Abstract 4844: Serum Organ-Specific Anti-Heart Autoantibodies in Arrhythmogenic Right Ventricular Cardiomyopathy Patients and Relatives: Evidence for Autoimmune Involvement in a Genetically-Determined Myocarditis
Objective: Serum anti-heart autoantibodies (AHA) are organ and disease-specific autoimmune markers in myocarditis, dilated cardiomyopathy (DCM), and their relatives. Myocarditis is frequently reported in arrhythmogenic right ventricular cardiomyopathy (ARVC), but it is unknown whether it relates to immune-mediated damage.
Methods: We assessed serum AHA in 27 ARVC patients (pts), (15 male, aged 41±12 years, symptom duration prior to diagnosis 32±41 months, range 1–141), 22 affected relatives (AR) (16 male, aged 29±13 years) and 26 asymptomatic apparently healthy relatives (HR) (14 male, aged 33±16 years). ARVC pts and AR met the 1994 ESC/ISFC Task force diagnostic criteria: 2 major in 47%, 1 major and 2 minor in 51%, 4 minor in 2%; 22% of pts and AR were in NYHA class II, 6% in class III/IV, 22% had chest pain with angiographically normal coronary arteries, 59% palpitation, 51% syncope, 24% left ventricular involvement, 80% familial disease confirmed at necropsy/surgery, and 43% typical ARVC on endomyocardial biopsy. An ICD was implanted in 20%, 2 pts were transplanted. AHA were detected by indirect immunofluorescence on cryostat sections of normal O blood group human myocardium and skeletal muscle, blindly from clinical diagnosis. AHA of the organ-specific type reacted with myocardium, but were unreactive with skeletal muscle. Control groups for AHA included sera from patients with non-inflammatory cardiac disease (NICD)(n=160, 80 male, aged 37±17), with ischemic heart failure (n=141, 131 male, age 51±12) and normal blood donors (n=270, 123 male, aged 35±11). Antibody frequencies in ARVC vs controls and clinical/diagnostic features in AHA positive vs negative pts were compared by ANOVA.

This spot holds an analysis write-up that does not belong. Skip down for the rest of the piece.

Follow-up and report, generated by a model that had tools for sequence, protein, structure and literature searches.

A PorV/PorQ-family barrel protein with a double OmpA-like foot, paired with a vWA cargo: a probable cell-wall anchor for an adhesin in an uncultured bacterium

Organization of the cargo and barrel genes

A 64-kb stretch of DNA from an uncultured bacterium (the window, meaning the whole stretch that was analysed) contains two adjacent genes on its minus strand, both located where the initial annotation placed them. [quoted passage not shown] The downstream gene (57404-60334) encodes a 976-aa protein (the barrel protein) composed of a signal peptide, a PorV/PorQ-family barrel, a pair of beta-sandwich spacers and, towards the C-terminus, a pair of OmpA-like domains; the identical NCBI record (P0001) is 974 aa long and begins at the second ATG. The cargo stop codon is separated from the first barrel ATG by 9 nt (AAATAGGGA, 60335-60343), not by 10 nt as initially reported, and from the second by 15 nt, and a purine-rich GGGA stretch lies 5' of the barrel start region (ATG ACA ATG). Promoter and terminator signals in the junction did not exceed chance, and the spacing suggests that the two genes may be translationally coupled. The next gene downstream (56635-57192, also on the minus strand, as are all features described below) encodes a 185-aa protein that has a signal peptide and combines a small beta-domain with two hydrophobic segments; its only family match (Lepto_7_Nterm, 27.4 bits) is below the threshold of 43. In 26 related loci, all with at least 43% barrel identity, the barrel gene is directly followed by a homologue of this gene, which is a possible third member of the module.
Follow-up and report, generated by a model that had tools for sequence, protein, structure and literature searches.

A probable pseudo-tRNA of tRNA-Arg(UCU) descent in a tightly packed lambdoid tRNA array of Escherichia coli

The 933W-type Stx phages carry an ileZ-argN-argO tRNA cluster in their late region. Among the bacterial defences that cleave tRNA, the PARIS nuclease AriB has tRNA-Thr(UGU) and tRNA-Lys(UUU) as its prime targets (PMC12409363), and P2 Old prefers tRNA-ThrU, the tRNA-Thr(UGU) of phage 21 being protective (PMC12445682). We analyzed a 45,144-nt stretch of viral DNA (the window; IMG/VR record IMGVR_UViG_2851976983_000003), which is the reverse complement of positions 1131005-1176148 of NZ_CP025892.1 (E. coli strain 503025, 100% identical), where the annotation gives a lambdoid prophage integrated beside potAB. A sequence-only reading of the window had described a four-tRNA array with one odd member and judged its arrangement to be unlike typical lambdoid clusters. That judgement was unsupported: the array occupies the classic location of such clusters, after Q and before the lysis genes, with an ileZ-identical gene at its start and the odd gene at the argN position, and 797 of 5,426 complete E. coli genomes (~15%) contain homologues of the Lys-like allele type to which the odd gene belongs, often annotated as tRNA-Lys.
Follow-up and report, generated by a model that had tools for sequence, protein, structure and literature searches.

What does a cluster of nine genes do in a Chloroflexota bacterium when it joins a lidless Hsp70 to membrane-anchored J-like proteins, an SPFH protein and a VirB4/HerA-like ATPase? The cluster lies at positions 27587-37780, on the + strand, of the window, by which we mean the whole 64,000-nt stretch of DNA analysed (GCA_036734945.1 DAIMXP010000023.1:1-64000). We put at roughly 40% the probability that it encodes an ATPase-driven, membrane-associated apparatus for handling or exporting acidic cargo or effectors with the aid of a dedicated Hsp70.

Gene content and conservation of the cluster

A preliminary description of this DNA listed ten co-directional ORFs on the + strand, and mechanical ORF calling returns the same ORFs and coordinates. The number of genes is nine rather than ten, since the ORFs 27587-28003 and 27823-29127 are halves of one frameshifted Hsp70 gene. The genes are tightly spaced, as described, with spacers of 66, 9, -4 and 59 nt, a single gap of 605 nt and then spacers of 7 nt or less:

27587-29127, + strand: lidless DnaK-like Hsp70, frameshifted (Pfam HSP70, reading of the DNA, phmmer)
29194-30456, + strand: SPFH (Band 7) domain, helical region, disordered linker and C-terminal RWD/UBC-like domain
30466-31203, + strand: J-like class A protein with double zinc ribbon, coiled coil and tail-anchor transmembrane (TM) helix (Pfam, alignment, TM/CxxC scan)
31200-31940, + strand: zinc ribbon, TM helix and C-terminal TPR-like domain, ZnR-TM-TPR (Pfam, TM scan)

Results: The frequency of organ-specific AHA was higher (48%) in ARVC pts, AR (41%) and HR (35%) than in NICD (1%), ischemic heart failure (1%) or normal subjects (2.5%)(p=0.0001). Positive AHA status in pts was associated with palpitation (p=0.03), smaller left ventricular enddiastolic volume (p=0.02) and nonsignificantly with chest pain (p=0.07).
Conclusion: The finding of AHA supports the involvement of autoimmunity in about half of ARVC pts and one third of their HR, similar to DCM. AHA may be markers of genetically-determined immune-mediated myocarditis in ARVC.